But many are asking, Is it quite fair for Protestants to be set forth thus, implicitly, as divided into Modernists and the ‘singular sect called Fundamentalists’? We who are inside the evangelical churches know of a surety that the great, unbroken army of us. outnumbering both of these groups by far, is neither the one nor the other. And this is understood outside as well. The writers for the Atlantic, who caricature anti-Modernism by way of Fundamentalism, can hardly be ignorant of the fact that the title ‘Fundamentalist,’ perfectly good in itself, was snatched up as soon as coined, and appropriated by a small but noisy group of Verbalists and Literalists who are far from representing the majority of evangelical Christians. One wonders how it chances that these, your writers of experience and discrimination, suppress this, and insist upon attributing to all Christians not Modernist the eccentricities and extremes of one small group?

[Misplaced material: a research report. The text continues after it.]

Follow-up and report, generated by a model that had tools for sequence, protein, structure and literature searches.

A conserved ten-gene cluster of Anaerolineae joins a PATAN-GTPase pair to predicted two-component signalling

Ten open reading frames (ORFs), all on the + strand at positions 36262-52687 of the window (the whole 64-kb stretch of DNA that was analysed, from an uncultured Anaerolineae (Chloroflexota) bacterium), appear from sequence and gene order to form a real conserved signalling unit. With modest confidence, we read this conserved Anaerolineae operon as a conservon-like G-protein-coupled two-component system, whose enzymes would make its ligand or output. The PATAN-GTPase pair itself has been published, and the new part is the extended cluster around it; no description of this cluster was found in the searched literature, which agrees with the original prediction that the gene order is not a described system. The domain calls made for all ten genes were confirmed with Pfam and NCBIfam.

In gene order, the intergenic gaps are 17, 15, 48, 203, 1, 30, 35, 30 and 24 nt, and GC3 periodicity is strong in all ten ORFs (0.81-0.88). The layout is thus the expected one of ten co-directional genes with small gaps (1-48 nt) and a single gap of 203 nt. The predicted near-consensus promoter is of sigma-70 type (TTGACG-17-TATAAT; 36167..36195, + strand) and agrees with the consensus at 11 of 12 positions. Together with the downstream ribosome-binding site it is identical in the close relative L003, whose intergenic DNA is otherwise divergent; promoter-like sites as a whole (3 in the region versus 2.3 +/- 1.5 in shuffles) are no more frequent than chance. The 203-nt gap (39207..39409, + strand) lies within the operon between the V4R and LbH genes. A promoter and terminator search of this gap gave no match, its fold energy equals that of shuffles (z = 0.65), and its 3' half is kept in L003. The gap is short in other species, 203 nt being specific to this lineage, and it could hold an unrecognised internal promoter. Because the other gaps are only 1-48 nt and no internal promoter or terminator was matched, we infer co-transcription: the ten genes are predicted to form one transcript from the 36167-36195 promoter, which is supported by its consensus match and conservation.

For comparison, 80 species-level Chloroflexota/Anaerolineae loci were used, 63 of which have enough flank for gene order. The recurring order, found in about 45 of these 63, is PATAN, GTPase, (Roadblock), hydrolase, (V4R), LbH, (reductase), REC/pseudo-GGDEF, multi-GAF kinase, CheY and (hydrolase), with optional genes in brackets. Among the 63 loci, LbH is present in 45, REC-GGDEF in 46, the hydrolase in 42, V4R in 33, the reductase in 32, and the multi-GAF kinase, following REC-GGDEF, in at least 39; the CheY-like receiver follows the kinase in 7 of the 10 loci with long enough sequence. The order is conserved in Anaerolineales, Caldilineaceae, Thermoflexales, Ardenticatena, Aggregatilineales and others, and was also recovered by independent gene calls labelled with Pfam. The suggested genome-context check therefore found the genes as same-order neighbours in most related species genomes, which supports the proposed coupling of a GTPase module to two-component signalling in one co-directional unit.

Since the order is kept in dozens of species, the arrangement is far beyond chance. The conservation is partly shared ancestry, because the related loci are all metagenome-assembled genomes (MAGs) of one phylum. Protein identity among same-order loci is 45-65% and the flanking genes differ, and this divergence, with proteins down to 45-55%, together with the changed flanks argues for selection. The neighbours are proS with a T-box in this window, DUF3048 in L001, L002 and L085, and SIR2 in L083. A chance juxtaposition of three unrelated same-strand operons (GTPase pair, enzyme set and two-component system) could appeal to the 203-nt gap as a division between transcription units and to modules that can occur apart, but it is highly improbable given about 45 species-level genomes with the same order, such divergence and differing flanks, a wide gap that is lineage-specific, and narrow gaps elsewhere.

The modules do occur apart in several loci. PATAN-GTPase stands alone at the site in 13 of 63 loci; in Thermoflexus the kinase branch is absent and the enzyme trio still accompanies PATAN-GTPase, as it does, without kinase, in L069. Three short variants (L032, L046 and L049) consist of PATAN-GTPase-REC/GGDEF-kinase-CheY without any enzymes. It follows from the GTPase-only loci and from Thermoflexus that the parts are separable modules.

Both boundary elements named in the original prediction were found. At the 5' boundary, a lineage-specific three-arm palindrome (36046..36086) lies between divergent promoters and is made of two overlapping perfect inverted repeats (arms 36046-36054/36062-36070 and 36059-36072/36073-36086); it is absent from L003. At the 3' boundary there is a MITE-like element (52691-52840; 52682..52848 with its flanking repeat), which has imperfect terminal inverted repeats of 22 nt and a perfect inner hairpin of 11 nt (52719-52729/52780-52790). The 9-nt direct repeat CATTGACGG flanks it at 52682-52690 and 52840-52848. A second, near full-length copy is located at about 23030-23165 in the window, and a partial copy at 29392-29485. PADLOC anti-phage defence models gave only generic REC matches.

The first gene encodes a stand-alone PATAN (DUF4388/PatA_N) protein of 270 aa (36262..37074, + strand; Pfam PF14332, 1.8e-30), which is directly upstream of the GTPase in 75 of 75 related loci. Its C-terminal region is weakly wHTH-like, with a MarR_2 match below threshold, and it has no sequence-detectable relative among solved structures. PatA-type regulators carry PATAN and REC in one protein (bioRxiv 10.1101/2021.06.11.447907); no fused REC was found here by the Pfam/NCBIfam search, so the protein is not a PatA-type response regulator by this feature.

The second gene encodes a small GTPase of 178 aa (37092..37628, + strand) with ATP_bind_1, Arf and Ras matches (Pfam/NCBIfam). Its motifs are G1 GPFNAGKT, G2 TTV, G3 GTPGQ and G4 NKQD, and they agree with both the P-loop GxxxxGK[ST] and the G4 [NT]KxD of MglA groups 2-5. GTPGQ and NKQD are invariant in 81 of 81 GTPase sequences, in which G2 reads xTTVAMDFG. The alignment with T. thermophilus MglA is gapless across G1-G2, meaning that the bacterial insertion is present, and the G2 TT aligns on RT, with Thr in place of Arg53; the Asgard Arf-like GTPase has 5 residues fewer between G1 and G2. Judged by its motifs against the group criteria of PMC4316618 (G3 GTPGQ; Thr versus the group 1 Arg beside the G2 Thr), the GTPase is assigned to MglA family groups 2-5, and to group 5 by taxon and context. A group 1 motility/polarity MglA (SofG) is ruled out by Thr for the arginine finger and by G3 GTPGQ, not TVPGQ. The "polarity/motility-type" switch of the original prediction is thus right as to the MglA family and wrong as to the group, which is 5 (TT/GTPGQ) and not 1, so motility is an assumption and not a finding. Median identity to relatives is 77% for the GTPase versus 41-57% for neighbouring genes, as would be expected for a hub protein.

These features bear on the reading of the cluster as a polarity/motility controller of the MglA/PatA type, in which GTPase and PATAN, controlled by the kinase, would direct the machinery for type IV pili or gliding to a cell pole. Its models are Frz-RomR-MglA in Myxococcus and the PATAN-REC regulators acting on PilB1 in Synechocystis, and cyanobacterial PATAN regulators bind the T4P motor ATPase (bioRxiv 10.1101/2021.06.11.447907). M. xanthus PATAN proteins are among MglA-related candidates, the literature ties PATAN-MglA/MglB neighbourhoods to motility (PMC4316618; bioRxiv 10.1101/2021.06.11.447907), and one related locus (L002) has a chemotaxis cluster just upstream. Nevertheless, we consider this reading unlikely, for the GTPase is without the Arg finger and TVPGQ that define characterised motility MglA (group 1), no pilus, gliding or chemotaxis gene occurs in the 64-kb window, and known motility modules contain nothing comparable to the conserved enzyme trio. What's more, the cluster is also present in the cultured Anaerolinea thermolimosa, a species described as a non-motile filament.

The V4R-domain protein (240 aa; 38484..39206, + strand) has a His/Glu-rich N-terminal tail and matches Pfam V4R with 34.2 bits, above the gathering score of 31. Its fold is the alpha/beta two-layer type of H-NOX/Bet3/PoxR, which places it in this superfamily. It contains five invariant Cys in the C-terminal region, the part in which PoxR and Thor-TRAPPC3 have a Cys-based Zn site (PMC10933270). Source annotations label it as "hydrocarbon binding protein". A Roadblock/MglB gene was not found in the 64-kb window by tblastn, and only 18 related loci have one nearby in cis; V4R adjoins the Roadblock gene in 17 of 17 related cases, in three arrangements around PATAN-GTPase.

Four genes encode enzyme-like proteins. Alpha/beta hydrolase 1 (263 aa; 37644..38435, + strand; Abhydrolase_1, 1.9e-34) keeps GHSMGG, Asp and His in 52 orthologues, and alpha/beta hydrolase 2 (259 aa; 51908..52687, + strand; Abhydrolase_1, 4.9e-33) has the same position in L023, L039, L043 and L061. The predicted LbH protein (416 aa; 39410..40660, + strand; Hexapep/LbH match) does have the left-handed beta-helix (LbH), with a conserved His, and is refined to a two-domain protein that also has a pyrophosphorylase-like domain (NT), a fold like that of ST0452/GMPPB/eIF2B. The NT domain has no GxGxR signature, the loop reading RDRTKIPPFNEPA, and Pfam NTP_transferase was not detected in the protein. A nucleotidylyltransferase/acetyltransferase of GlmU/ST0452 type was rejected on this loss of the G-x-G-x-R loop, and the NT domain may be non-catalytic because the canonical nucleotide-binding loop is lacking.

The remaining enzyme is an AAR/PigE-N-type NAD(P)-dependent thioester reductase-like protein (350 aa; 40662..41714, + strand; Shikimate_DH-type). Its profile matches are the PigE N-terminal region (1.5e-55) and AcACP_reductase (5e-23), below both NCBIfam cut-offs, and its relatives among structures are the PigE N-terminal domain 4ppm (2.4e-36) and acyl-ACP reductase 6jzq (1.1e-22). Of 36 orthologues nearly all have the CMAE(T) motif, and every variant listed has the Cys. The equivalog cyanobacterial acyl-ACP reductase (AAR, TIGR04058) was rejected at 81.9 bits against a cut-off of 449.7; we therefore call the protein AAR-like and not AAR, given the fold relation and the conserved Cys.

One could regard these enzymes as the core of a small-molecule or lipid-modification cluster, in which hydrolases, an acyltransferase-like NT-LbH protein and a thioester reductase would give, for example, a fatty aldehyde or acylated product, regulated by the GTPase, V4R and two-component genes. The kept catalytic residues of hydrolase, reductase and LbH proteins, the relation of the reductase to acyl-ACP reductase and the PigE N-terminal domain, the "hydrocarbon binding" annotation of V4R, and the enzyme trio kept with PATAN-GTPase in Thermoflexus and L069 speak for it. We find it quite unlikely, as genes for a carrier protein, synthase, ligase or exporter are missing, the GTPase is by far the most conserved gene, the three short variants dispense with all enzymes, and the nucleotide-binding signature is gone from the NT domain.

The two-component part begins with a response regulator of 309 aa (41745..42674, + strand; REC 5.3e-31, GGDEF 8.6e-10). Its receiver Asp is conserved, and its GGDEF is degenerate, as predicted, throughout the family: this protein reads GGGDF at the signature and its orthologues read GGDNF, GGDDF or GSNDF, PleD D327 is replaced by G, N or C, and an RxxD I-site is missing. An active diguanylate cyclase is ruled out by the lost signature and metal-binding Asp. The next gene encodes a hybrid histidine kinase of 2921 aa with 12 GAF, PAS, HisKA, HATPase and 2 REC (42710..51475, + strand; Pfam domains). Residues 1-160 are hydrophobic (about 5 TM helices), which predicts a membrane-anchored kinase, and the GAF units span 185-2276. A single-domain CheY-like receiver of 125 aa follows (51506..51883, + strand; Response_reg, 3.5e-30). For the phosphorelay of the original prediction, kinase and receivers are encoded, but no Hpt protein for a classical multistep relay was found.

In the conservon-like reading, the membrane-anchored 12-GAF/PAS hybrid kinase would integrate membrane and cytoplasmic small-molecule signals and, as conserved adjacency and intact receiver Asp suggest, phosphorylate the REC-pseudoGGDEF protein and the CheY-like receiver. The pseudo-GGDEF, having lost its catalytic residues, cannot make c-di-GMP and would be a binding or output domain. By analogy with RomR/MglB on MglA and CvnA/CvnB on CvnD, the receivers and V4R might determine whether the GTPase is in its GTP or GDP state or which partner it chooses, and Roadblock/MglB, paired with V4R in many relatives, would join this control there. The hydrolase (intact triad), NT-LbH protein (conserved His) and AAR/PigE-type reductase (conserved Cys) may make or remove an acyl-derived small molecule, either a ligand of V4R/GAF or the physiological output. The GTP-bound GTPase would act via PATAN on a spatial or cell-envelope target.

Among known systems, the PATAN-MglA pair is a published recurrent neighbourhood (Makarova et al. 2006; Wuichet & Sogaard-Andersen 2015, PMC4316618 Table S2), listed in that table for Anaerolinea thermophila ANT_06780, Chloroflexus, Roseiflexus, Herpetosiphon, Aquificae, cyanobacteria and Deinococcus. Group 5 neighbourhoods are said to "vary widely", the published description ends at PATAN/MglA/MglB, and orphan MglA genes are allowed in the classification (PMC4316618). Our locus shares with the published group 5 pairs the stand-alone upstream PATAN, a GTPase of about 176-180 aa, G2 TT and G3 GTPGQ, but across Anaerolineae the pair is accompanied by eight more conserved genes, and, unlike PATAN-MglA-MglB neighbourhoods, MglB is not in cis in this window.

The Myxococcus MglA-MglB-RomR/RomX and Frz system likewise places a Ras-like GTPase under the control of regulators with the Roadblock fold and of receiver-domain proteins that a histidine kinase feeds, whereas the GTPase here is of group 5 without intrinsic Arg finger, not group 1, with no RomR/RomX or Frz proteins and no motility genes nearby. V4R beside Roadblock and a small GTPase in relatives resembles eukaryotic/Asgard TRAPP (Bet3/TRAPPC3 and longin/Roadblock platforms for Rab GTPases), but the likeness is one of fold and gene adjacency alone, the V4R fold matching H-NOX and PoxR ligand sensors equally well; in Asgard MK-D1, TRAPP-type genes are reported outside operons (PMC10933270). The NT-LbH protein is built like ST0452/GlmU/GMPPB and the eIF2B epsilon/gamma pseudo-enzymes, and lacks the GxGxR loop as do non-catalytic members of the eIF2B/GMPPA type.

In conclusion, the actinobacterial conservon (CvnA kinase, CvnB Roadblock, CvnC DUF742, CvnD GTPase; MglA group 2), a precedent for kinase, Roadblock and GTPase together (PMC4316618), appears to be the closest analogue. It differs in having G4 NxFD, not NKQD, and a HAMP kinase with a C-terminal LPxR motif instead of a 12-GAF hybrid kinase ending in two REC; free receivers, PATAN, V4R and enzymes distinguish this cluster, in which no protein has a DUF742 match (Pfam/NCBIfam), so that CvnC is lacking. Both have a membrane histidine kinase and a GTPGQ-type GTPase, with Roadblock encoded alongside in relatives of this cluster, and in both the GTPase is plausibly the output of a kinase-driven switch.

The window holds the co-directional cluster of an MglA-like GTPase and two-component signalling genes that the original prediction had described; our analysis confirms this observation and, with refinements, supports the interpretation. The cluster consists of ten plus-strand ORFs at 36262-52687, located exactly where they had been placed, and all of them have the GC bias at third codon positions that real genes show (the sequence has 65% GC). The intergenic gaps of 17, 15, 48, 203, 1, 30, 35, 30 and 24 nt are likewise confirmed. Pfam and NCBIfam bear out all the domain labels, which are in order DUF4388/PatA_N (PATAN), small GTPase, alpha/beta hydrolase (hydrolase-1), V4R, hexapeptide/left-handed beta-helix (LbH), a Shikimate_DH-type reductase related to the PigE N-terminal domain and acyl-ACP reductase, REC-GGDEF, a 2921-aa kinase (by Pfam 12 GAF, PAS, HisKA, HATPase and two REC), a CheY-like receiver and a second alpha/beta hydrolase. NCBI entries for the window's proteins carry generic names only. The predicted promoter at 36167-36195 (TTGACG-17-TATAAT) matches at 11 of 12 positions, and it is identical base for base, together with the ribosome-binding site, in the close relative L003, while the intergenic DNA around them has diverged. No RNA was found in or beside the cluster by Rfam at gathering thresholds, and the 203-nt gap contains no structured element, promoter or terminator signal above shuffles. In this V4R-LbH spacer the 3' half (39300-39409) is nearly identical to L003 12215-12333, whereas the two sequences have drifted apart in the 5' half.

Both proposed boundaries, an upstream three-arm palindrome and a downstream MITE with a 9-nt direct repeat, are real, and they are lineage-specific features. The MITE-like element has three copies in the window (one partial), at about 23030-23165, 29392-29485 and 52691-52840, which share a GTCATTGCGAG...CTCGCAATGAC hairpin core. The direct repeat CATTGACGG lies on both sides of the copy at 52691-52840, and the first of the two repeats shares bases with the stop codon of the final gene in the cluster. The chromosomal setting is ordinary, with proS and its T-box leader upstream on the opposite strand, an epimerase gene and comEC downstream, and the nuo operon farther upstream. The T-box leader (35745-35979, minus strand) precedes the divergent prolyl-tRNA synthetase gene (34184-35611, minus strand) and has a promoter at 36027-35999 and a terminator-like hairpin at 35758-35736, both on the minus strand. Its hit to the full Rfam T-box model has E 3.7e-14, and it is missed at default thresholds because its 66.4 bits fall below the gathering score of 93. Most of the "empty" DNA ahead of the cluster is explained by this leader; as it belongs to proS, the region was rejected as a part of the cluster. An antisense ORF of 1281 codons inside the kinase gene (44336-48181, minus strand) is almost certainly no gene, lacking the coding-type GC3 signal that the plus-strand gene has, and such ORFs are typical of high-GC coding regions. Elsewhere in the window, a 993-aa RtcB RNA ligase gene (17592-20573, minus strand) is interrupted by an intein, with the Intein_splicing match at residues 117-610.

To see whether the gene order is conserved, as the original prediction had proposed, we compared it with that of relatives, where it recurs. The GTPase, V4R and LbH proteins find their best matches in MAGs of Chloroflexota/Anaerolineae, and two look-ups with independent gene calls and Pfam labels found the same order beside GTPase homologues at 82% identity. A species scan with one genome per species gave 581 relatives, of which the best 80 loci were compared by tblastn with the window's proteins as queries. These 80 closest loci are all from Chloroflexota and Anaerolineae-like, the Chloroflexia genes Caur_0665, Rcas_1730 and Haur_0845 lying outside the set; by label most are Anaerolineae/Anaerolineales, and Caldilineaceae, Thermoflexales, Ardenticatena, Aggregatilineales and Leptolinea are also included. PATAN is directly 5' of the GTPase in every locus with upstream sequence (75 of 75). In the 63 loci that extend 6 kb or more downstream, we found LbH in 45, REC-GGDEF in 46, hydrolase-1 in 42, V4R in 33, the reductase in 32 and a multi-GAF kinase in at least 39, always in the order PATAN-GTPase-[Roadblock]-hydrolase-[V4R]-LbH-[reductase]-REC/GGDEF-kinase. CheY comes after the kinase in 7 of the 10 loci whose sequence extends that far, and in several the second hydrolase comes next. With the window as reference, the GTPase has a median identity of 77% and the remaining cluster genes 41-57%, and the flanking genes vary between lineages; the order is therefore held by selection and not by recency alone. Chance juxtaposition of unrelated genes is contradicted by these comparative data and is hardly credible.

Can it be because it is easier to demolish an adversary obviously in the wrong than one obviously in the right?
I say obviously in the right advisedly, for, so long as we are considering the Christian Church, there can be no question that those who still hold to the Christ and the Christianity of the New Testament are in duty bound to stand by their colors. If they cannot do that, it is for them to go elsewhere, to seek another religion. And this is what the bolder spirits among Modernists are doing, compelled by their naturalistic logic. The Christian religion, having been built indubitably upon a divine and risen Christ, can no longer have power over them. Faith is vain, and preaching is also vain.